Review: Adolescent Mental Health by Dick Moore
‘Dancing not Drowning in the Rain’
On Thursday 29th November 29th Dick Moore delivered a poignant message to the Hundreds; simply, ‘Everyone is vulnerable to mental health problems. The only thing weak about being vulnerable is not asking for help’.
(75% of the population will experience a mental or emotional disorder during their lifetime.)
Dick’s experience as a prep school head and ‘house husband’ at a girls’ boarding school was evident as he jovially engaged his teenage audience. He began by sharing the story of his own family, a family just like all of us, privileged, educated, successful, but they are a family who have experienced the tragedy of a son/brother who took his own life as a result of depression. Through this shocking event the passion to change how young people are prepared to cope with the emotional storms of life, for them to learn how to recognise and regulate their emotions, to become resilient and able to interact with the world, has become his life’s mission. His genuine, personal vulnerability and authenticity underpins the attention he commands.
The attention, the stillness and the listening from the Hundred was palpable.
Dick’s key messages of self-knowledge, self-care and the importance of seeking help were conveyed using a combination of stories (some funny, some sad), music, film and animation. He also encouraged awareness of behaviour and mood of those around you, a friend or family member, as they too may need help. He gave clear ways of determining emotional health through a series of questions and how to identify anxiety, stress or depression and recognise self -harm as a reflection of internal mental distress.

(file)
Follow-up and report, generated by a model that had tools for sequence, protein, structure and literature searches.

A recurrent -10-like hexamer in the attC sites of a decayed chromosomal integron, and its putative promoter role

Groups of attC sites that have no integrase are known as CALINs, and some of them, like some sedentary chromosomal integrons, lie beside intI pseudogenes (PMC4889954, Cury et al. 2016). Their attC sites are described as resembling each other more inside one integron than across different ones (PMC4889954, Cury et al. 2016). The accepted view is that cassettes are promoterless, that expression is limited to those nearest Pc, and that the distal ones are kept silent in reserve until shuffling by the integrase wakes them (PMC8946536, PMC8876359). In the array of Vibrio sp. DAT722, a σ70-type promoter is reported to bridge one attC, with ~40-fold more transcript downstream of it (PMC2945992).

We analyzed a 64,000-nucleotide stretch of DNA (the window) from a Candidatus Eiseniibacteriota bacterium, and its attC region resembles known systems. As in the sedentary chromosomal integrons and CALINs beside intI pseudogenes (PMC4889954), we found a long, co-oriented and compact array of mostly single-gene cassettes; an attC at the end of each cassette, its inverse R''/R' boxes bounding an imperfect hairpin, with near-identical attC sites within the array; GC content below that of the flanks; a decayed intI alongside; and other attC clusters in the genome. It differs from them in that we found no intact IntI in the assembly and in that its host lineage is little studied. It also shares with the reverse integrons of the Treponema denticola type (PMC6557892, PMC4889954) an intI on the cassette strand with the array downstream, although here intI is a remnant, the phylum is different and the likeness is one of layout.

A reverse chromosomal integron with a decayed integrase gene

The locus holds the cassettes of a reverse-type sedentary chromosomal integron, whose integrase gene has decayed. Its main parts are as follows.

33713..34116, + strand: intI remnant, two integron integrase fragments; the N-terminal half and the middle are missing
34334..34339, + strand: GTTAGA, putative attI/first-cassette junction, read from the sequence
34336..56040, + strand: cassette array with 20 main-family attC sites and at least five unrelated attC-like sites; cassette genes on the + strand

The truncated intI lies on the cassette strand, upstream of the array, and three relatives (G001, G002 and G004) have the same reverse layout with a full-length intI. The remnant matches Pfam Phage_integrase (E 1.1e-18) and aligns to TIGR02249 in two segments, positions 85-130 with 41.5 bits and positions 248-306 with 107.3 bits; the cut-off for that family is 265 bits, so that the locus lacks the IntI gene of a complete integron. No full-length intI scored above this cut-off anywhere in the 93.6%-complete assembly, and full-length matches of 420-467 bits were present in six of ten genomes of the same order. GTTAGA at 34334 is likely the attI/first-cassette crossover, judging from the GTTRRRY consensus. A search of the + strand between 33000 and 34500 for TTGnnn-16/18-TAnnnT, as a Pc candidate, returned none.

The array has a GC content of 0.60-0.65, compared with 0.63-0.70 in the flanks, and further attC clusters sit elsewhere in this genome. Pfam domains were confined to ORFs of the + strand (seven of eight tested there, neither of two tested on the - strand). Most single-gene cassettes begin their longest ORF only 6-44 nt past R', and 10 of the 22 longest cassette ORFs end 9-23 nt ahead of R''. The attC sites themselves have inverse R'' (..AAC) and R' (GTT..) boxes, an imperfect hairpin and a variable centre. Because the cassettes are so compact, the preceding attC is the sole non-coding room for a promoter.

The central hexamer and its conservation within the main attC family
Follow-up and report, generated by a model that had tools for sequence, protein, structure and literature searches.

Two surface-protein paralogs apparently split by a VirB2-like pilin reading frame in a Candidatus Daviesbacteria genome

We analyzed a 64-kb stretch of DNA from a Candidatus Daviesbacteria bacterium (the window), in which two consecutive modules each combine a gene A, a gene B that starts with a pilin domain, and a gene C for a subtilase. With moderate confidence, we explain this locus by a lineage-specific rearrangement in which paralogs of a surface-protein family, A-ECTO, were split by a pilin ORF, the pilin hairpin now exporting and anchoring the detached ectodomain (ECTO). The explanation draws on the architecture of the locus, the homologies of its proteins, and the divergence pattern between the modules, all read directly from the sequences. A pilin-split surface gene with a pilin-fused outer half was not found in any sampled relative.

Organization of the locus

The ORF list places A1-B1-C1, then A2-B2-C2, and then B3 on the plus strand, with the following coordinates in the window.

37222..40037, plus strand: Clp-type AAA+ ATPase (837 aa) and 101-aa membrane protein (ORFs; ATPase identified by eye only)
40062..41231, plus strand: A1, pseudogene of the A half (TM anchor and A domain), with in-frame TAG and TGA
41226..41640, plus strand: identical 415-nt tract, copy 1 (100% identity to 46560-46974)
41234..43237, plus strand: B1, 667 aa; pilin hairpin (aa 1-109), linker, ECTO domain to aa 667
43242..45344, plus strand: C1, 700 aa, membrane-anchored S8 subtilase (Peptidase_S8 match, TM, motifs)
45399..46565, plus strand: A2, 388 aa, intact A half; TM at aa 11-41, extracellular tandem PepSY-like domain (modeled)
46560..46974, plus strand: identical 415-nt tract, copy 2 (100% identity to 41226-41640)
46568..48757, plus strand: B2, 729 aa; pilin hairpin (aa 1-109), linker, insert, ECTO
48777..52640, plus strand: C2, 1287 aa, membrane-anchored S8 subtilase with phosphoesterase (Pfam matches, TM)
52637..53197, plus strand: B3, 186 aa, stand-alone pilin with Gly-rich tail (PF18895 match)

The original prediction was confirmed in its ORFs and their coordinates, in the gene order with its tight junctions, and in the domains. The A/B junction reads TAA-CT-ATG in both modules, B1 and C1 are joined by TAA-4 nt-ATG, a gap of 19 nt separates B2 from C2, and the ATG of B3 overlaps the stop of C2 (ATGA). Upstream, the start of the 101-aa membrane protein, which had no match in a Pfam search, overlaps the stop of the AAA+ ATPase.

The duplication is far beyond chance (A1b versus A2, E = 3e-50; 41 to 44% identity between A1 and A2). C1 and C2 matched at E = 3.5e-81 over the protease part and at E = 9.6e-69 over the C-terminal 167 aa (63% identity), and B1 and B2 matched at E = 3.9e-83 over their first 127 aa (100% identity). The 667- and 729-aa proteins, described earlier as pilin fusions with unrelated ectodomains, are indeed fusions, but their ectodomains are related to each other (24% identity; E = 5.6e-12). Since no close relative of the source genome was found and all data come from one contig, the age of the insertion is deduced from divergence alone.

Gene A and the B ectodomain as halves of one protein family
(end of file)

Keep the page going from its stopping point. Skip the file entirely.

His talk challenged the stigmas surrounding mental health using some hard-hitting facts and statistics in order to stimulate this debate. They also brought efficacy to his message ‘you are not alone’.
In order to ‘dance in the rain’ and not ‘drown’ Dick had clear advice. Find something which helps you release your emotions; music, poetry, art, a run, photography… whatever it is, know what works for you. He gave a ten-point self-care plan. Many known and obvious maybe, but we still need to hear them and be reminded of them; less than six hours sleep a night is not enough, to name but one!
Did the Hundreds feel liberated being told don’t be perfect, don’t believe you need top grades to be happy, accept your emotions for what they are, negative or positive? Hopefully they did and hopefully they felt the invitation to laugh, at some point every day, was possible. Their follow-up discussions in house will be an opportunity to determine their own thoughts and responses to these suggestions. The available support within College and the opportunities to seek help will be reinforced.
Last year, we were struck by the amount of information our son retained from an hour-long presentation. It was a fascinating and illuminating discussion over a family supper which made me aware of how we lose touch so quickly and easily between the generations; how different the world and its demands appear to our young. Thankfully, Marlborough College does recognise this.
Marlborough College has been fortunate to have Dick lead Youth Mental Health First Aid Training for the last six years. During this time over 100 staff have received this training with priority being given to boarding house staff.
Dick is an associate Trainer for the Charlie Waller Memorial Trust. His website, which I would urge you to visit, can be accessed by clicking here.
Here is an animation recommended by Dick to the Hundred.
Review written by Helen Stamp (current parent).